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Nitrogen metabolism as ecological driver of grassland diversity

Supervisor: Prof. Howard Griffiths

Importance of the area of research

Around 5- 10 million years ago, there was a major shift in sub-tropical habitats when forests were replaced by seasonal grasslands and savannas. At this time, warmer and drier conditions, and lowering ambient CO2 concentrations, promoted the rapid diversification of grasses  (Poaceae) in the open savannah forests which developed in sub-tropical regions. Many of these grasses independently developed C4 photosynthetic traits, which enhanced the operating efficiency of Ribulose-1,5-Biphosphate-carboxylase-oxygenase (Rubisco), as well as altering plant nitrogen and water requirements.  The biochemistry and metabolism of the C4 pathway are well-documented, and the project will investigate the physiological basis of nitrogen metabolism as an ecological driver leading to C4 diversification. The aim will be to correlate N uptake and retention as compared to C3 grasses from highly diverse temperate limestone/chalk grasslands, which seem able to deplete soil N and restore diversity. The project has relevance for ecological restoration and historical evolution of grasslands.

Project summary

The focus of the research will identify the competitive advantages of contrasting strategies for N use. Some grasses optimise N uptake and internal recapture (e.g. leading to the C4 pathway), whilst others maximise N uptake to outcompete neighbouring forbs and grasses, perhaps by drawing down soil N, analogous to Tilman’s R* potential. The project will identify the physiological basis to these contrasting ecological observations. Primary nitrogen metabolism (uptake, assimilation of inorganic or organic N) is only one-tenth of the N turnover found in leaves due to photorespiration (following the interconversion of glycine to serine in mitochondria).  Understanding the evolution of leaf anatomy (bundle sheath development, inter-veinal distances, hydraulic conductance) and extent of photorespiratory N recapture, will provide valuable insights into C3 and C4 grass differentiation, evolution and phylogeny.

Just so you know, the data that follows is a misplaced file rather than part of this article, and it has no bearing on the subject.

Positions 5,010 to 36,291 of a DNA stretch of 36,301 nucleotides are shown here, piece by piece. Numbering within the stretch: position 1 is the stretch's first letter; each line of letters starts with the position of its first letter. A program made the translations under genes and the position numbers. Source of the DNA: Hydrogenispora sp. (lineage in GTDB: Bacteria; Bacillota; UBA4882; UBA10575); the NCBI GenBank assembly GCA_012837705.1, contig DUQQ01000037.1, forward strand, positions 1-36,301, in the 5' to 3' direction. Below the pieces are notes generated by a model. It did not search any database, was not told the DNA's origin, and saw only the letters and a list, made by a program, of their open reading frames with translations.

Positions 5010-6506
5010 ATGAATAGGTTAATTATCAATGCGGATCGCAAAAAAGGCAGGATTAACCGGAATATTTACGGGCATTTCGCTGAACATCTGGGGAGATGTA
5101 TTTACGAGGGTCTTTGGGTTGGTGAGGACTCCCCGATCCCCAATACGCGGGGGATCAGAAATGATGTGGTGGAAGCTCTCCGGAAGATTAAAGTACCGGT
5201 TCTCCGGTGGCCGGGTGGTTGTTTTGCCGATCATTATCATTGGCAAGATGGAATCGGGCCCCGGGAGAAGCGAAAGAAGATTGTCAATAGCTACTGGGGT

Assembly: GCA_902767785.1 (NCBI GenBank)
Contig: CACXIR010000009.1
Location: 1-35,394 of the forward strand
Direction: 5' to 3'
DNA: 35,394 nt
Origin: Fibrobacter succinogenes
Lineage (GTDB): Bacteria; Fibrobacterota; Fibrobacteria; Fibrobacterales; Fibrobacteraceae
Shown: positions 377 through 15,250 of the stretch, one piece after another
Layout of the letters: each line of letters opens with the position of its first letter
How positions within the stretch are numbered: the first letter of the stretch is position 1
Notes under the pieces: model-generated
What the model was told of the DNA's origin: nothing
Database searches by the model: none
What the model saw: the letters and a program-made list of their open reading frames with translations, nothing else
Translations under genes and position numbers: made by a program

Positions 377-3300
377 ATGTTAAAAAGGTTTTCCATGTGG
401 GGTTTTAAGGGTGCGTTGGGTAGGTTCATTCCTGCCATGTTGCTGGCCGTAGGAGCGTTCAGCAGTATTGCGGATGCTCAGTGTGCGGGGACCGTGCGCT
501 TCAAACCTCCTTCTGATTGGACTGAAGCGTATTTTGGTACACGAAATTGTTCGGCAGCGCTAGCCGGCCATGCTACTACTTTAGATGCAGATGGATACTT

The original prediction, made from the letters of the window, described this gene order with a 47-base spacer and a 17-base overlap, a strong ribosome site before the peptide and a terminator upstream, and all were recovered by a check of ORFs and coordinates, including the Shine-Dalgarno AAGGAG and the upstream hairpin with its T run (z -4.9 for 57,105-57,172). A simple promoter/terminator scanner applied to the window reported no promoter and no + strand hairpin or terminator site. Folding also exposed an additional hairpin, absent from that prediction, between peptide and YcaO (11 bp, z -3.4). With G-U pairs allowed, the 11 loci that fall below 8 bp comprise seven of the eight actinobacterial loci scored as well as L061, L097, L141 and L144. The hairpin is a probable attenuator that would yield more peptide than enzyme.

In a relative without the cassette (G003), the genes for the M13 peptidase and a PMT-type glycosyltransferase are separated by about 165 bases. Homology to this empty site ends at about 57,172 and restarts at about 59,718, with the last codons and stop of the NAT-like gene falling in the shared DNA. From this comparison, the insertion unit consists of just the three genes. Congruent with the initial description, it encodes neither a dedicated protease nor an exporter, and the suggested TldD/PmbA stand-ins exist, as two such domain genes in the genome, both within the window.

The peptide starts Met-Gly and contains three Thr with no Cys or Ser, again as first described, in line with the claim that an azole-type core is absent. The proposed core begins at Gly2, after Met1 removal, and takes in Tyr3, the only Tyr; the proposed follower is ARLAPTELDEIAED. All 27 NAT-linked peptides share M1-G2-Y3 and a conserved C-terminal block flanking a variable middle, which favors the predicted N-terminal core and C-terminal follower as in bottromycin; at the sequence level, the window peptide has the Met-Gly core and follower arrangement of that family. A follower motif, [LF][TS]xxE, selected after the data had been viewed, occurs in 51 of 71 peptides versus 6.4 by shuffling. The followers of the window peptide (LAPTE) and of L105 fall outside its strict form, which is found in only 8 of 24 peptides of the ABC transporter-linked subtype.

What the student will be doing

Grasses will be grown from seed, representing a range of grasses with contrasting phylogenetic origins within the PACMAD clade. Here we have a good phylogenetic understanding of the origins of C4, in relation to vein width and bundle sheath differentiation.  A basic framework of leaf anatomy, photosynthetic capacity and hydraulic conductance will be developed for each species. We will develop a system to analyse the ammonia compensation point, to identify those plants more effective at N recapture and recycling during photorespiration. Alternative methods will use stable isotope labelling (15N) to evaluate both mean residence time for N, as well as extent of N release during photorespiration. Competition experiments will also be undertaken to compare the effectiveness of N uptake, versus N recycling and storage, in mixed communities of C3 and C4 grasses, as well as responsiveness to pulsed N resources.

Training that will be provided

The traditional skillset associated with physiological ecology (photosynthetic gas exchange, plant water relations and stable isotopes) will be applied to a collection requiring phylogenetic and morphometric analysis. A good understanding of experimental design to allow competition experiments (response surface design) to be statistically validated. Field sampling on natural N concentrations in grasses from chalk grasslands undergoing scrub clearance and restoration would also feature. Opportunities to attend the BES/SEB Plant Environmental Physiology Field Techniques workshop in Portugal in September 2016.

Desirable skills

An interest in plant physiological ecology, field ecology, conservation and palaeohistorical drivers of plant diversification.


  • Griffiths H, Weller G, Toy LFM, Dennis RJ (2013) You’re so vein: Bundle Sheath Physiology, Phylogeny and Evolution in C3 and C4 plants Plant Cell & Environment, 36, 249- 261. DOI: 10.1111/j.1365-3040.2012.02585.x
  • Berendse, F. & Aerts, R. (1987) Nitrogen-Use-Efficiency: A Biologically Meaningful Definition? Functional Ecology, 1, 293–296.
  • Jankju-Borzelebad, M, Griffiths H (2006) Competition for pulsed resources: an experimental study of establishment and coexistence for an arid-land grass Oecologia 148, 555-563
  • Bellasio C & Griffiths H (2014) The operation of two decarboxylases (NADPME and PEPCK) and partitioning of C4 metabolic processes between mesophylll and bundle sheath cells allows light capture to be balanced by the maize C4 pathway. Plant Physiology Vol. 164, pp. 117, doi/10.1104